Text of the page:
M.I. - Ever since 2003, the main songwriters have been V. Santura and Asvargr. Don’t the other members like to input their ideas as well?

Morean: The overwhelming majority of the music is written by V Santura, and he’s in charge of the entire production as well. Asvargr will contribute riffs for maybe one or two songs per album. I do all the lyrics, vocals and most of the conceptual work, and will contribute the occasional song or choir or orchestral layer, so there’s quite a lot of me in there as well, and in the past, my predecessor Azathoth had the same role for vocals, lyrics and concept. Seraph and Phenex also do contribute to the albums, be it for questions of general direction, for specific interpretation of songs written by others, and the odd lick or beat as well. It’s just that we often count those ideas as part of the arrangement of a song rather than its composition. But except for our bass players, we all do contribute, even though the songwriting credits can’t always express that specifically.

M.I. - After a six-year gap, you continue where “Venereal Dawn” left off conceptually. You appreciate to explore inner worlds that don’t exist outside our reality. Why does this interest you? Why did you decide to continue with the same concept after so many years? Can you tell us more about it?

Morean: Through the years, I’ve written a ton of metal lyrics, and the challenge is to find something new and interesting to say time and time again. Lyrics are what gives depth to a song, even though many listeners may not pay too much attention to them. But the choice of words and the images they create in people’s minds are essential to the worlds you’re trying to create. On the previous album, I was so immersed in the idea of intelligent, living light, that I felt now that it would be very much worth it to investigate how such a far-out story would continue. Parallel to this story thread, I’ve developed a huge and active interest in the physical workings of the cosmos and our planet, and I get a lot of inspiration from the natural sciences, even though I’m a completely hopeless amateur in those fields. I’m always looking for the biggest mystery on my inner horizon to express in my work, and I have to admit that, lately, no made-up fantasy world has gripped me as much as what the brightest and most adventurous minds in science are investigating. The good thing about art is that, contrary to science, it doesn’t have to be objectively true or useful for our daily lives - it doesn’t even have to “make sense” in the rational definition of the word. Art rather seeks to express a subjective, inner, maybe more spiritual or emotional “truth”. And the fact that we’re just beginning to explore certain monumental things about our cosmos, and that many aspects of these new fields of science like particle physics or research of black holes are for a large part still a blank canvas until we understand what’s going on, gives us artists a chance to paint on that canvas without limiting yourself to impossible fantasies per definition.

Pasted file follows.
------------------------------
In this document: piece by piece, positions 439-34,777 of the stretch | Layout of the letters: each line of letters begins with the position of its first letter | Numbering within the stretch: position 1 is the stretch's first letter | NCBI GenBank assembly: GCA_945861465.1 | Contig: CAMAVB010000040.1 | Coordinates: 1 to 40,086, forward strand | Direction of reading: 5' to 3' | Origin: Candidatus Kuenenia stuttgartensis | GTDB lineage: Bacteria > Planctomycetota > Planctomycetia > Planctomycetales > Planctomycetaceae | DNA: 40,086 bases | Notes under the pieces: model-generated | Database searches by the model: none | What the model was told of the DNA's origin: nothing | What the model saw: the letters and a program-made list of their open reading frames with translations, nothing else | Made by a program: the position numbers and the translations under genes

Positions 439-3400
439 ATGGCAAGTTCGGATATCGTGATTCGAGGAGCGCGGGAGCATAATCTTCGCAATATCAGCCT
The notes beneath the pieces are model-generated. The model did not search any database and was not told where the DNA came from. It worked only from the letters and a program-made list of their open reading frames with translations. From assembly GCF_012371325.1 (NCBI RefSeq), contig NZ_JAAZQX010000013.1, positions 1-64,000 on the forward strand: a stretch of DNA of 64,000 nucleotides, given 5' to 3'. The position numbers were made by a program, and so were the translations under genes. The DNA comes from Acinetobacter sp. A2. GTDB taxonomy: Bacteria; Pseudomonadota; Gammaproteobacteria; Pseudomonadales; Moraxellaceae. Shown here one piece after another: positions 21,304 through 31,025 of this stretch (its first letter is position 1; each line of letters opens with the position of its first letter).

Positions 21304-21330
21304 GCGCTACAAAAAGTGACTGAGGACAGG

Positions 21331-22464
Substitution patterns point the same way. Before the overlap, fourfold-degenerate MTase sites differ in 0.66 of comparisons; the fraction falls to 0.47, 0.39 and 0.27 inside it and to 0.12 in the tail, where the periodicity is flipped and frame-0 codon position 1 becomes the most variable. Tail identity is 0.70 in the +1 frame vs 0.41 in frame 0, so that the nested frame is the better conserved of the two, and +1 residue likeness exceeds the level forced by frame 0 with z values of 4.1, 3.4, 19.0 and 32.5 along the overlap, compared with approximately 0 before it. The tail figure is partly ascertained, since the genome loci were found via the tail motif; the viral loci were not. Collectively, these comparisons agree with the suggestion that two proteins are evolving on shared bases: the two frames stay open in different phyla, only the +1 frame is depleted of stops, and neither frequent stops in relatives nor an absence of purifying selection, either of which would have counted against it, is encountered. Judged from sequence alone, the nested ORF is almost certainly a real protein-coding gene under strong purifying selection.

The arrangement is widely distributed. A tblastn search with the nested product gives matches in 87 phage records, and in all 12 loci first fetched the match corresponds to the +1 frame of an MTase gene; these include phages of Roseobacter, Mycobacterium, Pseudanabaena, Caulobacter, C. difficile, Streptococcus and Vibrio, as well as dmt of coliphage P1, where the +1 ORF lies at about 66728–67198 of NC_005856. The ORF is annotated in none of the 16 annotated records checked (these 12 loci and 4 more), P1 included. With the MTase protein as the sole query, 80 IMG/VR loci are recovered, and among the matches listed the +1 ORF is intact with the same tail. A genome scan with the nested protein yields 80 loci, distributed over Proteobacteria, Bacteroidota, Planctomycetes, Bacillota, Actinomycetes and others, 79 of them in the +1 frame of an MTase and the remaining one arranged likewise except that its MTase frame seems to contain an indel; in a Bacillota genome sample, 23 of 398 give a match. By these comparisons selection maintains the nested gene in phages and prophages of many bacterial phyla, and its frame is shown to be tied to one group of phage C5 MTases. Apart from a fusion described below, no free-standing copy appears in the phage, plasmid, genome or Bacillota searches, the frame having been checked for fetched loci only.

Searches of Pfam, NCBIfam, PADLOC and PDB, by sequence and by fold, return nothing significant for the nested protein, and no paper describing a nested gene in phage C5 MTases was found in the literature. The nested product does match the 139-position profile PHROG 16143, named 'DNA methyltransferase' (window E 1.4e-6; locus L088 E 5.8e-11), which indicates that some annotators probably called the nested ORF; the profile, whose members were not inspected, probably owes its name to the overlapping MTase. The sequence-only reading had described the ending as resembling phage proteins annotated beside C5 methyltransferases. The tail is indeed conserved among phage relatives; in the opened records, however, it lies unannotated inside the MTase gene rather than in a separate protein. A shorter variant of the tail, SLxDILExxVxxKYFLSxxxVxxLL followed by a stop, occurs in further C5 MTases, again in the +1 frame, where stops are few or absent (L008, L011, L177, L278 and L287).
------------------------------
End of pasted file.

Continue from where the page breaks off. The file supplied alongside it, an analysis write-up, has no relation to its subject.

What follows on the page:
M.I. - How does the writing, creating and recording process take place within Dark Fortress?

Morean: The initiative always comes from V Santura. He will write a bunch of songs first at home, usually only instrumental versions, and share his demos with us. Then the rest of us start working with and around his ideas - either together in the rehearsal room, which is quite rare for us unfortunately, or more often via email. Once the songs are written, recordings begin, in the traditional way - first drums, then guitars, then vocals, then bass, keys and everything else.

M.I. - The cover artwork is awesome. What’s the meaning behind it? How does it relate to the lyrics and concept?

Morean: Thanks! It’s a photo of an ice cave in Iceland which my wife and I took last winter. The subject of the album is the life span of a cosmos, from its creation to its death in the distant future, seen from the perspective of the cosmos itself. Since this portrays the universe we live in rather than a made-up world, we liked the idea to represent the album visually also with our photos from places that maybe look fictional to many people, but that are actually taken from our reality. The booklet, especially the special edition, will have many such photos in it, and we could have chosen any of them as the cover. In the end, this one got the majority vote. It’s mostly connected to Isa I guess, which is an ode to ice, but the way the light shines through the glacier in this picture also looks like a ghostly apparition of a creature of light, so it also fit the album title perfectly in our eyes.

M.I. - Where does the progression of your music come from? From the desire not to repeat yourselves? What musical genres influence Dark Fortress’ music?

Morean: The songwriting process is usually very intuitive. However, Santura and I do keep an eye on the big picture of the music and lyrics respectively. In that, we do have an image of what the whole album should become, and if it makes sense all together. For me, the desire not to repeat myself is crucial - what’s the point of doing the same thing over and over? Even though there always seems to be the death of a universe involved in my lyrics for this band… 
As for influences: those can be anything, not just music. You have this cesspit of ideas, emotions and inspirations in your subconscious, where things initially grow without too much conscious involvement, until they have fermented enough for an idea to arrive in your conscious mind. It happened like that to me with the album title, Spectres from the Old World. In one moment I just knew this will be the title of the album, even though I had zero clue how it was gonna sound or what it was gonna be about. But I always trust my intuition, and when - years later - the time came to write lyrics again, I had something to hold on to and zoom in to until the concept revealed itself to me in greater detail.

M.I. - The album was recorded, engineered, mixed, and mastered by V. Santura at Woodshed Studios throughout 2019. Why did V. Santura take this “responsibility” once again? Wouldn’t it be easier to work with an engineer that isn’t a band member? Isn’t it a kind of burden on his shoulders?